Tuesday, April 8, 2014

Gifted Adults: Relationships and Career

Very good presentation based on Marylou Kelly Streznewski that includes an interesting discussion of neuroscience behind giftedness.  Gifted People have more dendrite spines.  Need for stimulation.

3 Keys to Being Gifted and Happy on the job
  • –  Finding a day-to-day level of stimulation which provides challenge and newness
  • –  Ability to move to new areas of work when challenge of present area wares off
  • –  Ability to create own work environment 

    Dating and Marriage 

    • Five steps to finding true friends and partners
      • –  Create a support group
      • –  Understand that most people won’t get
        your needs and be ok with that
      • –  Find places and activities that attract
        other gifted people
      • –  Contact “Mensa”, a national
        organization for gifted adults, to get a
        list of members in your area
      • –  Be comfortable with yourself

    Remember, your playing small does not suit the world.  Nor does it suit you.

    “Our deepest Fear is not that we are inadequate. Our deepest Fear is that we are powerful beyond measure. It is our light, not our darkness that scares us. We ask ourselves, “Who am I to be brilliant, gorgeous, talented, fabulous? You are a Child of God. Your playing small does not serve the world. There is nothing enlightened about shrinking so that other people won’t feel insecure around you. We are all meant to shine as children do. We are born to make manifest the glory of God that is within us. It’s not just in some of us, it’s in everyone. And as we let our own light shine, we unconsciously give other people permission to do the same. As we are liberated from our own fear, our presence automatically LIBERATES OTHERS.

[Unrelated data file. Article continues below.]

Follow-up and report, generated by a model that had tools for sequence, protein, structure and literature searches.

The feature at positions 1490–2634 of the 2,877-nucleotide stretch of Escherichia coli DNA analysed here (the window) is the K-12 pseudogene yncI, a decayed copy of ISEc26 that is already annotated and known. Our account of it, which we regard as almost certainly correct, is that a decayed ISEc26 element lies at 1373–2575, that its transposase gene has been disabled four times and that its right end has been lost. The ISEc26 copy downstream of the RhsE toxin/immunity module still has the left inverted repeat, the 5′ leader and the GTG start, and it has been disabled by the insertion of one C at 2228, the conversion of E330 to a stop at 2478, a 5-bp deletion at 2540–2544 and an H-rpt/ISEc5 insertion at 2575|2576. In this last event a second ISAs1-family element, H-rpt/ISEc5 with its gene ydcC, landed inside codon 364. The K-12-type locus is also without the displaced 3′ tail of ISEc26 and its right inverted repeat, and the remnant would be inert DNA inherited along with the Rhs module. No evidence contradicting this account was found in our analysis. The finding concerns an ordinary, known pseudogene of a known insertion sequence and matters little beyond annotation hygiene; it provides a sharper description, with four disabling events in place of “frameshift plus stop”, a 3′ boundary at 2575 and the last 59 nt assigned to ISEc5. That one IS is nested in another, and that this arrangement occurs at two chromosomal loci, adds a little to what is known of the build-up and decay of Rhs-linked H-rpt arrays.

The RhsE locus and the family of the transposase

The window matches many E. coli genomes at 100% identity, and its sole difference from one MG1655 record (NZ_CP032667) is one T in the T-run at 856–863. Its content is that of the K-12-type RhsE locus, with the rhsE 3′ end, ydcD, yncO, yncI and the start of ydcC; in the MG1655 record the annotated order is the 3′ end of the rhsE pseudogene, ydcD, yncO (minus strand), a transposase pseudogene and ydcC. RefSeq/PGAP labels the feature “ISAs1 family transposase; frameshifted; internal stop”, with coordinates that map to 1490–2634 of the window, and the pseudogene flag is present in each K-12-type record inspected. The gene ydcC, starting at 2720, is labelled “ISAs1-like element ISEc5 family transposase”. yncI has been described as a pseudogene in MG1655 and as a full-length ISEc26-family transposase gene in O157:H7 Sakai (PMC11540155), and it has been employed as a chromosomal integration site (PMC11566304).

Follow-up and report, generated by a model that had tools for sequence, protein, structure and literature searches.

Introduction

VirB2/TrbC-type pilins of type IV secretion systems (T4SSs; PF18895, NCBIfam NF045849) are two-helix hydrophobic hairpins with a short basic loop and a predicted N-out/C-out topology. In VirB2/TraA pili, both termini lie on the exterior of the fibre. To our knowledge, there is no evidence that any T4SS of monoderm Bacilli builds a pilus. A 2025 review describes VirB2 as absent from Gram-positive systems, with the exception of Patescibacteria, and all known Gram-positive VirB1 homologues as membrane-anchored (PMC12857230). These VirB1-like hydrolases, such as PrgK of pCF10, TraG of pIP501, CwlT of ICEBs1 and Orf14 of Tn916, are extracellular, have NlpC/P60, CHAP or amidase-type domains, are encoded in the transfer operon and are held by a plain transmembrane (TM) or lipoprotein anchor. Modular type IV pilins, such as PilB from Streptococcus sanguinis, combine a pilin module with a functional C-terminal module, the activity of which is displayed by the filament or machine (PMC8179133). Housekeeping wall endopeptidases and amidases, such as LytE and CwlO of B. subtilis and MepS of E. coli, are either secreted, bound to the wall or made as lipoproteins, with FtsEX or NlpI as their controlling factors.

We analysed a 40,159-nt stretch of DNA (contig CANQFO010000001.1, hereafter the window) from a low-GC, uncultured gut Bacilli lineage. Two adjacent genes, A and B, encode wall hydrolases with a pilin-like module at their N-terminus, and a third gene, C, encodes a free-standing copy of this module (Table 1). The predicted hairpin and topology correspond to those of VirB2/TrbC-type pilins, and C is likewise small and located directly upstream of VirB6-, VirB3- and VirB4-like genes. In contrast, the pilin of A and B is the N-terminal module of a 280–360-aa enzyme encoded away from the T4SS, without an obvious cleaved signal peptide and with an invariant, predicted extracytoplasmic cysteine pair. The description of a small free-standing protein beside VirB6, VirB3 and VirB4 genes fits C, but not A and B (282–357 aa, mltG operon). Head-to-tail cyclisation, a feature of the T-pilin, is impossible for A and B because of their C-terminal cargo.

-- Mairanne Williamson

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Thursday, April 3, 2014

Cognitive Impairment in Patients With Bipolar Disorder

 It is widely accepted that patients with schizophrenia have some degree of cognitive deficiency and that cognitive deficits are an inherent part of the disorder. Historically, there has been less focus on cognitive deficits in patients with bipolar disorder; however, numerous studies of cognition in patients with bipolar disorder, including several comprehensive meta-analyses of bipolar patients who were euthymic at the time of testing, have recently been undertaken.1-4 Each of these analyses found that cognitive impairment persists during periods of remission, mainly in domains that include attention and processing speed, memory, and executive functioning.

Cognitive Impairment in Patients With Bipolar Disorder | Psychiatric Times:

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